One of the current fads is to be concerned with how many characters you type, which - I admit, is a valid concern. I like the idea you have with the tool, sfUJSPlugin. But now we're talking about server-side script - it's not fair to compare that to client-side-only solutions.

    Another current fad is to try to turn Javascript into something it is not. Let's turn Js into Ruby. Let's turn Js into a Class-based language (which it is not). Etc, etc, ad nauseam. However, I have a different perspective on this as well. As a library author I understand the urge to experiment with language features to the point that you can abstract it. For the author (and those who take the time to understand it) the abstraction is very useful and re-usable. But for others, I'm afraid to say, many times it just hides the true language feature.

    Only a few years ago noone would accept library functions that were not named according to W3C standard interfaces. But Js developers are blown about with every new wind.

    I'm a C programmer and I can see the Js crowd ignoring many, many, proven "best practices". The Js crowd is "fickle" and easily swayed by what appears to be the latest and greatest. Javascript developers have yet to acknowledge that they too are "programmers" - and then accept the responsibilities that go along with it.

    Ok, so we rename "document.getElementById" to "$". There's nothing wrong with this and I admit that I like to type less too. But here is what people do with it:

    var e = $('myId').method().property.etc...

    Wow, we can really type less! Never mind that we won't be able to understand it next year when we have to work on this project again. And this shows one of my biggest complaints about Js developers in general - you rarely see this:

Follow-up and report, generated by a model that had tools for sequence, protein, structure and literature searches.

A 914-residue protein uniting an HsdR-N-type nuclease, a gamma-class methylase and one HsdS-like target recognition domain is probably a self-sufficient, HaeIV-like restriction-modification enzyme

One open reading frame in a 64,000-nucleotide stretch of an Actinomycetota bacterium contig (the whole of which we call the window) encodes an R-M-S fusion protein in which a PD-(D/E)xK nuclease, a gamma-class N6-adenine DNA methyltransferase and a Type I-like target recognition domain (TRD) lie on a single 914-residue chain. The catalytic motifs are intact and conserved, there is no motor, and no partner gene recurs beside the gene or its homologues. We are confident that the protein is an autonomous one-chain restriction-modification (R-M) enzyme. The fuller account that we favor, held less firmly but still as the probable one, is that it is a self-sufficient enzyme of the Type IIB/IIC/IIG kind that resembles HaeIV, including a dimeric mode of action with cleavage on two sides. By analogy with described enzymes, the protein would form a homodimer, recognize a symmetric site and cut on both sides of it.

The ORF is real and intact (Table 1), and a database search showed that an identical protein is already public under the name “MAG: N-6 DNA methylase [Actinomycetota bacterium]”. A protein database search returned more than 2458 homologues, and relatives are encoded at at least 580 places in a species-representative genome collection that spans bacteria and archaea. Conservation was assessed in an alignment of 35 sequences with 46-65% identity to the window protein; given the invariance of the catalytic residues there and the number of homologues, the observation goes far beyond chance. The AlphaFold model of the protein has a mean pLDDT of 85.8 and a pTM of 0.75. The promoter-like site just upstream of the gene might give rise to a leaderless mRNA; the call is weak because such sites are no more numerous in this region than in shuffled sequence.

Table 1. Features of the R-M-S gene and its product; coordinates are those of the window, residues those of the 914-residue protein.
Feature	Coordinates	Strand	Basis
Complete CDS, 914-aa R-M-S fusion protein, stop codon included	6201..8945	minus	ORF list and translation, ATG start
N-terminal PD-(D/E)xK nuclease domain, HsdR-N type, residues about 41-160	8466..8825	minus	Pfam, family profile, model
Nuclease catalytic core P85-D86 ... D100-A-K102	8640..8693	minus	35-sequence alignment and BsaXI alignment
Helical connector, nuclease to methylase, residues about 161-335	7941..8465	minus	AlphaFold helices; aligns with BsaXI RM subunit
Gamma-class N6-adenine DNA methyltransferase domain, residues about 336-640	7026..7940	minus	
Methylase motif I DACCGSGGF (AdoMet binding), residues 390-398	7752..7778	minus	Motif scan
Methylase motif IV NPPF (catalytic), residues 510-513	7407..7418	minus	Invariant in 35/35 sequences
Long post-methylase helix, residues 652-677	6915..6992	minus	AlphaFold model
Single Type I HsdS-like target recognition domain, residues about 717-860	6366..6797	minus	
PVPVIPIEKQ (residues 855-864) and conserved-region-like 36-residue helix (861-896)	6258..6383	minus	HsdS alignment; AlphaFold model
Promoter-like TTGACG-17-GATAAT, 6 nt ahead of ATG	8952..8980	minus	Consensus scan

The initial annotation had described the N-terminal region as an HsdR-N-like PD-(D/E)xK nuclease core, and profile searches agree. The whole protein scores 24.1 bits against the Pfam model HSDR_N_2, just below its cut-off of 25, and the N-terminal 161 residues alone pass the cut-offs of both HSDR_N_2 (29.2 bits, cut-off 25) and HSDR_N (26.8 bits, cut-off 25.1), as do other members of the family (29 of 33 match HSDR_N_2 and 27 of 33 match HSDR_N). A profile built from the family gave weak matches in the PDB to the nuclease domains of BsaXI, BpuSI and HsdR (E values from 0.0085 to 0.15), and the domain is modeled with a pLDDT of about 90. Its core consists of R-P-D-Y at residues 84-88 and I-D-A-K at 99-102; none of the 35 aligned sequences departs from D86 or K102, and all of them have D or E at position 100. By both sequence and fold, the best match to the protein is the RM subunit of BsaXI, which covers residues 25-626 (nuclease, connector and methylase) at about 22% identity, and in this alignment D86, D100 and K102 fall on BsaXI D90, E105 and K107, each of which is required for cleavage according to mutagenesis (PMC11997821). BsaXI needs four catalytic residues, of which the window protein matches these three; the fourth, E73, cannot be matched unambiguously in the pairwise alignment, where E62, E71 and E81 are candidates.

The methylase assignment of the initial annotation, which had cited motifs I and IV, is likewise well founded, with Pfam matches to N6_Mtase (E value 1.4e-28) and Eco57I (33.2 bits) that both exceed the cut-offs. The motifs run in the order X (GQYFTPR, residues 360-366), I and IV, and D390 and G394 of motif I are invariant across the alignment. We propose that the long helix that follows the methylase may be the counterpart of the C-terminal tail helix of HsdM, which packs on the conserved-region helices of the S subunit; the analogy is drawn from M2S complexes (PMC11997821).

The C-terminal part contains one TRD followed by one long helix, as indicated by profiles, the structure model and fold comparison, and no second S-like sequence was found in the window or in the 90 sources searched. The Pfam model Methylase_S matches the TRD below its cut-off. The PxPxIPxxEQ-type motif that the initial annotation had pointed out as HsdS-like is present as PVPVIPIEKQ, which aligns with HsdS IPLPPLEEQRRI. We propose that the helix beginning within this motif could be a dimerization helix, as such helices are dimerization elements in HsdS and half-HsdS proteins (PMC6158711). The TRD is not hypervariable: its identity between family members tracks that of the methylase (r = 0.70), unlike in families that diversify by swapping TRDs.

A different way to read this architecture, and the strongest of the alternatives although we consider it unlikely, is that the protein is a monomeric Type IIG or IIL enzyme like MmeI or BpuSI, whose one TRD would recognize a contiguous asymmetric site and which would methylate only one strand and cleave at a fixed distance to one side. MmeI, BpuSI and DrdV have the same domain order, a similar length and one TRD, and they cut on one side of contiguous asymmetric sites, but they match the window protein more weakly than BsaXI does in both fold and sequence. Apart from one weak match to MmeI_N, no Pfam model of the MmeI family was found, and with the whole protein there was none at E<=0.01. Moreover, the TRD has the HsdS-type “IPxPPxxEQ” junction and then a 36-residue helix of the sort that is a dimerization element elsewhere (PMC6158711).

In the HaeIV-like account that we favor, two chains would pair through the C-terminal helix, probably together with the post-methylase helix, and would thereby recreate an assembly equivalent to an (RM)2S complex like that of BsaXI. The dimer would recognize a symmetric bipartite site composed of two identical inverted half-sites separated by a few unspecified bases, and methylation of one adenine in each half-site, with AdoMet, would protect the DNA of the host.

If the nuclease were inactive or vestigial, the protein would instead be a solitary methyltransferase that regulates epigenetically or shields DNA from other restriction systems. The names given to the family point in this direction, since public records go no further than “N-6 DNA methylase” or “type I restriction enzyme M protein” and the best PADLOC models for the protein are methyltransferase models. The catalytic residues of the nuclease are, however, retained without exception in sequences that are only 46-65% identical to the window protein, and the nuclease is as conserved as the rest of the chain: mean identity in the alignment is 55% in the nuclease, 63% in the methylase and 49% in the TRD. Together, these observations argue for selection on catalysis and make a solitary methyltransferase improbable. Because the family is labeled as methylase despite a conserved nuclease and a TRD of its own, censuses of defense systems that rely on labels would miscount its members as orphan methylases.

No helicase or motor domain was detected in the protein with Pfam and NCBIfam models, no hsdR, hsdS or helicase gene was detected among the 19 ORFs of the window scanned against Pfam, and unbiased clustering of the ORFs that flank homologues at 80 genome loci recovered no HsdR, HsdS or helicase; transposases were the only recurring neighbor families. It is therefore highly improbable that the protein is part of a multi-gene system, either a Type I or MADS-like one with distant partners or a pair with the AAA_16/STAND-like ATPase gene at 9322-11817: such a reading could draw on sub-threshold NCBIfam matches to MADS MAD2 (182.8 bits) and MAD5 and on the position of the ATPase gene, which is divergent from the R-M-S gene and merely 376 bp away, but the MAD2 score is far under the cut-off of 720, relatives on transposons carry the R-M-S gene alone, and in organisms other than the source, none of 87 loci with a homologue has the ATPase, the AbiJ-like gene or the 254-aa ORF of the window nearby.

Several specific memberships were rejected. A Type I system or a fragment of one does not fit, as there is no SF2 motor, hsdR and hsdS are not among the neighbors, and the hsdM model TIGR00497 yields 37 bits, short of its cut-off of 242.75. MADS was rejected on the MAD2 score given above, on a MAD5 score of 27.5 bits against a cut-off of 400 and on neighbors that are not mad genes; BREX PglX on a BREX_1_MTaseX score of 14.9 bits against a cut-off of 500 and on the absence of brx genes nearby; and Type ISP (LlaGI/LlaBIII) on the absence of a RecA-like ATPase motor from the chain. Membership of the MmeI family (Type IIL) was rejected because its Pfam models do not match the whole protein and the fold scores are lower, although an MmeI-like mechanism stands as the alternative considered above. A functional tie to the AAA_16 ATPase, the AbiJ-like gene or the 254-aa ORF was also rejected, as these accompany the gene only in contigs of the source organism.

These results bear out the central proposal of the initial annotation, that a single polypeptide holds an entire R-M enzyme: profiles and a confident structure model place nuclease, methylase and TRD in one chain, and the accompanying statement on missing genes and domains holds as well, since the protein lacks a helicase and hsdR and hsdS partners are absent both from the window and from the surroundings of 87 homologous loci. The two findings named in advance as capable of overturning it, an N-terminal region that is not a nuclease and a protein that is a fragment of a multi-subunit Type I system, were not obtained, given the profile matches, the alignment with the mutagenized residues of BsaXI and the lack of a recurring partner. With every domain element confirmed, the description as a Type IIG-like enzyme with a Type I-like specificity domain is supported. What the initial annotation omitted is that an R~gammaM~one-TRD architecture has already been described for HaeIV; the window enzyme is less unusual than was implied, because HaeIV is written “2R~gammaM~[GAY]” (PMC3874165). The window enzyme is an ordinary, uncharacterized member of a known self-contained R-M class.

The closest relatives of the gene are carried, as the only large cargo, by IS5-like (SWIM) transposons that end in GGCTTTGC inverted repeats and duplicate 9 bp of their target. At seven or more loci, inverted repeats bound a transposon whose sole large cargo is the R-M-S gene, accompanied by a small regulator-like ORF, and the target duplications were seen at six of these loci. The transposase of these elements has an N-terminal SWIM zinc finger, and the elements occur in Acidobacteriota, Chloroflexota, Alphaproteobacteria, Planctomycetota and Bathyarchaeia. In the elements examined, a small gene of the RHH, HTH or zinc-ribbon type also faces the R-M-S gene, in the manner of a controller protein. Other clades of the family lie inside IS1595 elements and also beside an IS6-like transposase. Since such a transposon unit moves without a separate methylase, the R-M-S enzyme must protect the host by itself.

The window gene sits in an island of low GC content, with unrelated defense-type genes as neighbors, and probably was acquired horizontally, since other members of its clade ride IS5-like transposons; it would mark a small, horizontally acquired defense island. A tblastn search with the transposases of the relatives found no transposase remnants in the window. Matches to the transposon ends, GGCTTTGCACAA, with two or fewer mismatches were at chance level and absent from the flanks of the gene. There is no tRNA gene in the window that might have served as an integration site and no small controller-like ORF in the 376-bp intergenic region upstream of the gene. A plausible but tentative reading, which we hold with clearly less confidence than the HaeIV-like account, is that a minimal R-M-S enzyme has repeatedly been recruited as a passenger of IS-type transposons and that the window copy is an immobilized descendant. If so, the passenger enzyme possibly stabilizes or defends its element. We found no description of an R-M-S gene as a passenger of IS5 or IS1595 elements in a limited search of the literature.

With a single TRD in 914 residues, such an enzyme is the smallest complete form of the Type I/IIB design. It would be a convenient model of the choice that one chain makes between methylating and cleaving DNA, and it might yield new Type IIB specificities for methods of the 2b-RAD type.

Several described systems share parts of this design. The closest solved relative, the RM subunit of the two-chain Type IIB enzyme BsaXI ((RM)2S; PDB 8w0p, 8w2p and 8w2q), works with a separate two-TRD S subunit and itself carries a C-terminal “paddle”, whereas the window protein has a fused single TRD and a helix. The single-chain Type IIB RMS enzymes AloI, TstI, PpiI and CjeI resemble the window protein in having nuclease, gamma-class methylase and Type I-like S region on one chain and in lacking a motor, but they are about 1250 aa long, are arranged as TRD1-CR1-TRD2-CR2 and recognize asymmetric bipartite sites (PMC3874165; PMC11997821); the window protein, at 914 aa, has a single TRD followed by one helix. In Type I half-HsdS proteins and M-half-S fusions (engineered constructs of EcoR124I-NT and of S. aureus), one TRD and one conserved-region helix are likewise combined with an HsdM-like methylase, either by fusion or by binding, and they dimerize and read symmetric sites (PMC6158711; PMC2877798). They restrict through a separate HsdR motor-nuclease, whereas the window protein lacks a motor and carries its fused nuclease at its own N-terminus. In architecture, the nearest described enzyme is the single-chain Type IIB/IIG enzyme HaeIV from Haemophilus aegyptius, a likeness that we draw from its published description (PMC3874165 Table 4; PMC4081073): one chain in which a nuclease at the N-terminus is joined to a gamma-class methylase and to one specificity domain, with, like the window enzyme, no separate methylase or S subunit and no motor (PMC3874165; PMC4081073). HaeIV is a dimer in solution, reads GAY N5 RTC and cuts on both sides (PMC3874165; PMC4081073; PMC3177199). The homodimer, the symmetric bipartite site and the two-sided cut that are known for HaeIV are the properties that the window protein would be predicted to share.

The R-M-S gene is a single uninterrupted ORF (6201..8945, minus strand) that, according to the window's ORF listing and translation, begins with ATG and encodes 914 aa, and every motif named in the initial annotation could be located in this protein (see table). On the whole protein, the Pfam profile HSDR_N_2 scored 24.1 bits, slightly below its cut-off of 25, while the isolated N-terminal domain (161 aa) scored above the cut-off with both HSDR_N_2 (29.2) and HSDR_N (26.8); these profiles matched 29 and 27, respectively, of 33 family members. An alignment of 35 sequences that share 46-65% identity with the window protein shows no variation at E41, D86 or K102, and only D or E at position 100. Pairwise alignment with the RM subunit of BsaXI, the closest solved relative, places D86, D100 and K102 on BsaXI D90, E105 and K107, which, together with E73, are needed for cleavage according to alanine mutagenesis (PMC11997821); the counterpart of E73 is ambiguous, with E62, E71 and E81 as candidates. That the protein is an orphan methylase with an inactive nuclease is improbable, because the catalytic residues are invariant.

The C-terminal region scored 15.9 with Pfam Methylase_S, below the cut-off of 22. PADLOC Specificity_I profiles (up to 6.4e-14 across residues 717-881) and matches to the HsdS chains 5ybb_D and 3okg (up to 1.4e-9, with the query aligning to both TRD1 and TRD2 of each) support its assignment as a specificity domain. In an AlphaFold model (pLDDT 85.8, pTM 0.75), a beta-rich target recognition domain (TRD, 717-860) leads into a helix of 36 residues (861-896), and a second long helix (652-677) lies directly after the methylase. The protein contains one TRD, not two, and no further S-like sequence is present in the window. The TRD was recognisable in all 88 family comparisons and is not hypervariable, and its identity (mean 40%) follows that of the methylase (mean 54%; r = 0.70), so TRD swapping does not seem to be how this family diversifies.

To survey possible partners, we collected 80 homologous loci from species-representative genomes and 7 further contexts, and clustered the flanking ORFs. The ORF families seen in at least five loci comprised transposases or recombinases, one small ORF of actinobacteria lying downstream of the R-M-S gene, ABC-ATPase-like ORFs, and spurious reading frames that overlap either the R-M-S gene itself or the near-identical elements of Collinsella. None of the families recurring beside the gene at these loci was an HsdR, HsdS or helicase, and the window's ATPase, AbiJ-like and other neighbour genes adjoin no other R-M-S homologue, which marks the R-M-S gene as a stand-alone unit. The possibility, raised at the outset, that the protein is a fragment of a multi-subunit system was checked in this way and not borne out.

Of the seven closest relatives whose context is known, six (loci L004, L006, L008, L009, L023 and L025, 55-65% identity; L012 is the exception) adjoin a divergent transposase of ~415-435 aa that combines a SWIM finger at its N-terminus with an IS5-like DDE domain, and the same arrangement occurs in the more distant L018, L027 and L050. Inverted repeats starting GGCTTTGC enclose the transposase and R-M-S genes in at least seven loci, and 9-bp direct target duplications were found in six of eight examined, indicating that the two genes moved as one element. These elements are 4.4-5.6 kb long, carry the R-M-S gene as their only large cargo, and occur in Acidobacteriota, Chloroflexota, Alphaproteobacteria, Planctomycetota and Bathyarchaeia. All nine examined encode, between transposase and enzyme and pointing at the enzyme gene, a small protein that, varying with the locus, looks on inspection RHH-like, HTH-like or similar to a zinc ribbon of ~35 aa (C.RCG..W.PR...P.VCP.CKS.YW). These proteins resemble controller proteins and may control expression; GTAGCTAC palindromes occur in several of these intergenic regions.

var e = $('myId');
    if (e) {
    //...
    }

    Is the word "robust" not in Js developers' vocabulary?

    From what I've seen, most of the people using Prototype are developers whose skill level proves that they should not be using Prototype. I admit too that many of the people using my library know very little about all the Js they're sending to the client.

    Ok. I need more coffee and I'm sure you're tired of my rant - I know I am

  7. #7
    I'll take mine raw silver trophy MikeFoster's Avatar
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    Btw... the concept of unobtrusive Js behavior was around long before 2002

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    Mike,

    I think we all follow the same goal: speed, easy coding, not reinventing the wheel, not repeating ourselves.

    The X library is said to be "not a framework", however it consists of functions that depend on each other and that package some reusable features, therefore it is not that different from what I call a framework. To my mind, reusability + dry + general concept (+ talent sometimes) = framework. If you don't agree with the name, I think you can at least agree on the purpose: making your life easier.

    So yes, Prototype and jQuery are meant to be used for RAD, and RAD is not always synonym of robustness, edge case handling, good practices. You can do very clean things with jQuery and Prototype, but you can also do very ugly ones (just like with plain JavaScript). But you can't blame the developers of these tools for the bad use some DHTML fans do with it. After all, the development of the rich internet applications (think Yahoo, think google) wouldn't have been possible without such frameworks. Overall, those two projects we're talking about use unit testing extensively, their code base evolves towards consistency and robustness, and provide viable solutions for complex client interactions.